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Legislative Assembly for the ACT: 2002 Week 12 Hansard (14 November) . . Page.. 3640..


Mr Humphries: Mr Speaker, I would be very happy with that ruling if it meant that in future, when a minister is asked to comment on a comment that I have made or one of the members of the opposition has made, you will also rule that out of order, but you have previously allowed such questions.

MR SPEAKER: Well, you're not a minister any more, Mr Humphries, so the rules of this-

Mr Stefaniak: Mr Speaker, could I talk on the point of order. Mr Hargreaves was, I believe, the shadow police minister at the time. Mr Quinlan is now the police minister; there is that consistency there. So Mr Hargreaves presumably was speaking as the shadow minister or opposition policy spokesperson at the time. I asked Mr Quinlan a question in relation to the Labor Party's position on this now. Mr Quinlan is the current minister; Mr Hargreaves was the shadow previously. So, with respect, sir, I think that is very relevant to the point of order.

MR SPEAKER: I don't know that Mr Quinlan is responsible for something that Mr Hargreaves said when none of the Labor team were ministers. Mr Quinlan, do you want to-

MR QUINLAN: Well, under your guidance, Mr Speaker, I will say this in direct answer to what Mr Stefaniak is driving at. I will not be seeking to repeal that burnout legislation now, but I may as well put this place on notice: if we find that it has in fact been implemented or applied inequitably or unfairly, it will be repealed.

Radiation therapy-delays

MS MacDONALD: My question is directed to the Minister for Health. Minister, there has been considerable comment in recent months about delays in the provision of radiation therapy at the Canberra Hospital. Can the minister give the Assembly an indication of the current situation?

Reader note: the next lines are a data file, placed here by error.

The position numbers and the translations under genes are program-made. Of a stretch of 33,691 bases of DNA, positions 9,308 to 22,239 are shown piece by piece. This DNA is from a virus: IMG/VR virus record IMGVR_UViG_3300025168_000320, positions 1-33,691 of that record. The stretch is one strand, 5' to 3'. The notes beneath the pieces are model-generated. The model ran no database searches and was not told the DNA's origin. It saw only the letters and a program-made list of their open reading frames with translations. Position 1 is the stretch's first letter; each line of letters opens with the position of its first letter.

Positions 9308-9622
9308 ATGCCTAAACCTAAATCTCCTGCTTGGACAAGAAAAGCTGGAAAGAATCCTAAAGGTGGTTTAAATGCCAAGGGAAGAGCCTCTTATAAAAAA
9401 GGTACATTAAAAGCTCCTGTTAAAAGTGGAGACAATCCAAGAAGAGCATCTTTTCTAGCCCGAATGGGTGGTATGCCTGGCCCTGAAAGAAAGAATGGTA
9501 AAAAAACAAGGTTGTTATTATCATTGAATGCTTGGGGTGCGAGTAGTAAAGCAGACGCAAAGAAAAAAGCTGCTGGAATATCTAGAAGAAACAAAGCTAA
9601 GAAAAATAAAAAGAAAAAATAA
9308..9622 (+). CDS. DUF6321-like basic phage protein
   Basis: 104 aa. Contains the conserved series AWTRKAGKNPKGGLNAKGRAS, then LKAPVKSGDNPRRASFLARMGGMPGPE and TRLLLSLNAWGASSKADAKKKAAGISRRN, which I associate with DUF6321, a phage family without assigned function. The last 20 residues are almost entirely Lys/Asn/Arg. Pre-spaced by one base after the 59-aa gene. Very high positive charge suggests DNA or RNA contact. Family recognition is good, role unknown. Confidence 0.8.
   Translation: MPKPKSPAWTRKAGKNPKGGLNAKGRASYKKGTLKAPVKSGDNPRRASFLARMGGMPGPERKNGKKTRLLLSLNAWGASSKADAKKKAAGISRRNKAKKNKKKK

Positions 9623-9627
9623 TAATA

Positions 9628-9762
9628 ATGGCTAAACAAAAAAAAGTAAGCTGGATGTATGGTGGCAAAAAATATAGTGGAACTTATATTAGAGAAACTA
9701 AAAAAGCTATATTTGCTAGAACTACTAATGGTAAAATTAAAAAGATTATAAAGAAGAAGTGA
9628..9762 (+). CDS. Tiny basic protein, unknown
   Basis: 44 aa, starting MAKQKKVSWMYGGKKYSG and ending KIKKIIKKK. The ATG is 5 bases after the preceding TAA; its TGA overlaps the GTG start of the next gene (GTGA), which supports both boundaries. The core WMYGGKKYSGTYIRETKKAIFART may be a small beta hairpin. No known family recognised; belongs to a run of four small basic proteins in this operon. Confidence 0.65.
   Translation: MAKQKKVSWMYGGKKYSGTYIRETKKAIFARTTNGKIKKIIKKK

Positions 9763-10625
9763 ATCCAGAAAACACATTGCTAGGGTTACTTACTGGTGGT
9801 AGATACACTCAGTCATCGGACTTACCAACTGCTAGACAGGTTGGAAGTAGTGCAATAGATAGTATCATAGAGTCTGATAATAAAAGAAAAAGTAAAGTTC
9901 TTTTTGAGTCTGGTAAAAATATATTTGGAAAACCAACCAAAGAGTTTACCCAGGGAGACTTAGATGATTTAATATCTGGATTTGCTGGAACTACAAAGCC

MR STANHOPE: Thank you, Ms MacDonald. Certainly there have been unacceptably long waiting times for radiation therapy at the Canberra Hospital, and that has been the case now for some time, but they certainly are improving. Currently, the median waiting time for radiation treatment at the Canberra Hospital is 19 days from the time a patient is assessed as medically ready for treatment. This represents a very significant reduction on previous waiting times, which were in excess of 10 weeks, and the reduction in time, I have to say, reflects extremely well on the dedication of the staff at the Canberra Hospital.

The reduction in waiting times has partly been achieved through the recruitment of new radiation therapy staff and the commissioning of new equipment. The government provided the funding to deliver a long overdue and much needed pay increase for radiation therapy staff, bringing their salaries into line with New South Wales pay rates. Certainly much of the difficulty that was experienced in the recruitment of radiation therapy staff at the Canberra Hospital was a result of a significant slippage in pay rates experienced by radiation therapists, and indeed by other health professionals, in the ACT.


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